What is an Embedded Software Engineer?

Embedded systems engineering is a discipline that is becoming more and more popular as the potential of this kind of system is realised. What was once a way of connecting non-computer devices is now a kind of technology that is used in our home appliances, with plenty more opportunities for application likely to be developed in the near future.

Embedded software engineering is a key part of embedded systems technologies, bringing together aspects of classic software development with practical elements of electronics and hardware design. In this article, we explain what an embedded software engineer is, what the role involves, and the key skills required to succeed in this area.

What is Embedded Software Engineering?

Embedded software engineering is a type of engineering that involves the creation of software for embedded systems devices. It uses software engineering principles to control machines or devices that operate using embedded systems, creating programs or applications that allow these devices to function.

Embedded software allows non-computer devices to form networks with many other machines, creating systems used in everything from monitoring medical procedures to controlling traffic.

An embedded system tends to be made up of a range of machines and devices connected with microprocessors that share data and connect to a centralised system or piece of software. In its most basic form, the software needs to receive data from multiple devices, process this and then send messages to other devices in the system, but other embedded systems can perform much more complex tasks.

Embedded systems software doesn’t always require an operating system to run, but if they do then they are usually real-time (RTOS). Software for embedded systems is usually written in C or C++, unless a microcontroller is involved and then a more complex language like Python may be used instead.

A key feature of embedded software engineering is that it has fixed hardware requirements, which means adding any additional third-party hardware can be difficult. The software will also be influenced by the CPU used and the specific chips chosen to form parts of the embedded system as well.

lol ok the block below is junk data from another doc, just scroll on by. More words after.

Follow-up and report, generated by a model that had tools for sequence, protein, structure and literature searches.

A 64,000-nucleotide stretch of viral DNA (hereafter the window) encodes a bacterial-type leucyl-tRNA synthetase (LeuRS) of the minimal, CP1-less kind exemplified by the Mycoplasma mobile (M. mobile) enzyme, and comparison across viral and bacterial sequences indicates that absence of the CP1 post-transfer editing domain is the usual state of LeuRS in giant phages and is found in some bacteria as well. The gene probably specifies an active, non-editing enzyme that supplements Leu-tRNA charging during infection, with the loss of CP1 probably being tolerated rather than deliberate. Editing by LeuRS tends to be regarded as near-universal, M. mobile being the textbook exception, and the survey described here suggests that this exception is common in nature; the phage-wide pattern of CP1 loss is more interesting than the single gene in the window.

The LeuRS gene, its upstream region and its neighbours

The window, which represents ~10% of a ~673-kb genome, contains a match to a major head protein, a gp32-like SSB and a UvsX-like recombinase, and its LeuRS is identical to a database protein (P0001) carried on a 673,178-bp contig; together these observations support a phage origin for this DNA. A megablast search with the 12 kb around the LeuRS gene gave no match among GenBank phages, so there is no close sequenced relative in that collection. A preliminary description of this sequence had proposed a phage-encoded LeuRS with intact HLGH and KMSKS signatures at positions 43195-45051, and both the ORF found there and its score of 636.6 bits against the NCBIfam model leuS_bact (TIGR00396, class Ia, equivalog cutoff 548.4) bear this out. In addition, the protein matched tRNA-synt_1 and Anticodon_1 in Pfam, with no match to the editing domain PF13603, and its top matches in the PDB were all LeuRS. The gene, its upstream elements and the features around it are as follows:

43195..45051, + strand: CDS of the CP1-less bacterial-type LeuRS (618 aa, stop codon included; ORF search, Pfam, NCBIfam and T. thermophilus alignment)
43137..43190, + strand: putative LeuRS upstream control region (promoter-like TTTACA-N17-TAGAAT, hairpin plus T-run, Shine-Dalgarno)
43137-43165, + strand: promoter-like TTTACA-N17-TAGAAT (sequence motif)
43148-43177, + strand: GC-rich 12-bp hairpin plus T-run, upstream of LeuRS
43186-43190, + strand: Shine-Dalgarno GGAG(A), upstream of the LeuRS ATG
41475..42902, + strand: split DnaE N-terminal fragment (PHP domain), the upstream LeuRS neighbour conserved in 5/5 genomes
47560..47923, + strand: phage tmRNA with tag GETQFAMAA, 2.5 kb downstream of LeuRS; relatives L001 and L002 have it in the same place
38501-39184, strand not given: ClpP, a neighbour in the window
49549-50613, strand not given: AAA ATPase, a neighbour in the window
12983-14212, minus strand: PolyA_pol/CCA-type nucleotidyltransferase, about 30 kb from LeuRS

Embedded software engineering is a discipline that may be required in a wide range of industries, from automotive manufacturing to medical robotics or security. It’s also increasingly being used in the IoT sector to create new devices.

What is an Embedded Software Engineer?

An embedded software engineer is someone who applies their knowledge of software development and engineering to embedded systems. Unlike traditional software engineers, they also have an understanding of the hardware that their software is going to run on and will develop programs specifically for these devices and machines.

The role of an embedded software engineer is a blend of electrical engineering and software development, where you not only have to think about the code that you’re writing but also the electronics that it’s going to be running on. It’s quite a specialist role, but it’s one with career opportunities in a wide range of industries, as more and more devices these days are starting to be fitted with embedded microchips.


What Does an Embedded Software Engineer Do?

An embedded software engineer will mainly be in charge of designing and installing software for embedded systems and devices. They may work as part of a team of developers on large projects and may also specialise in developing software for a specific kind of embedded device.

Here are some of the other, typical roles and responsibilities that come with an embedded software engineering role.

  • Defining the specifications of new embedded systems software
  • Responding to briefs and requirements for software involved in embedded systems projects
  • Designing software for new embedded systems and embedded system firmware
  • Building and writing the code for embedded systems software to run on specific devices and machinery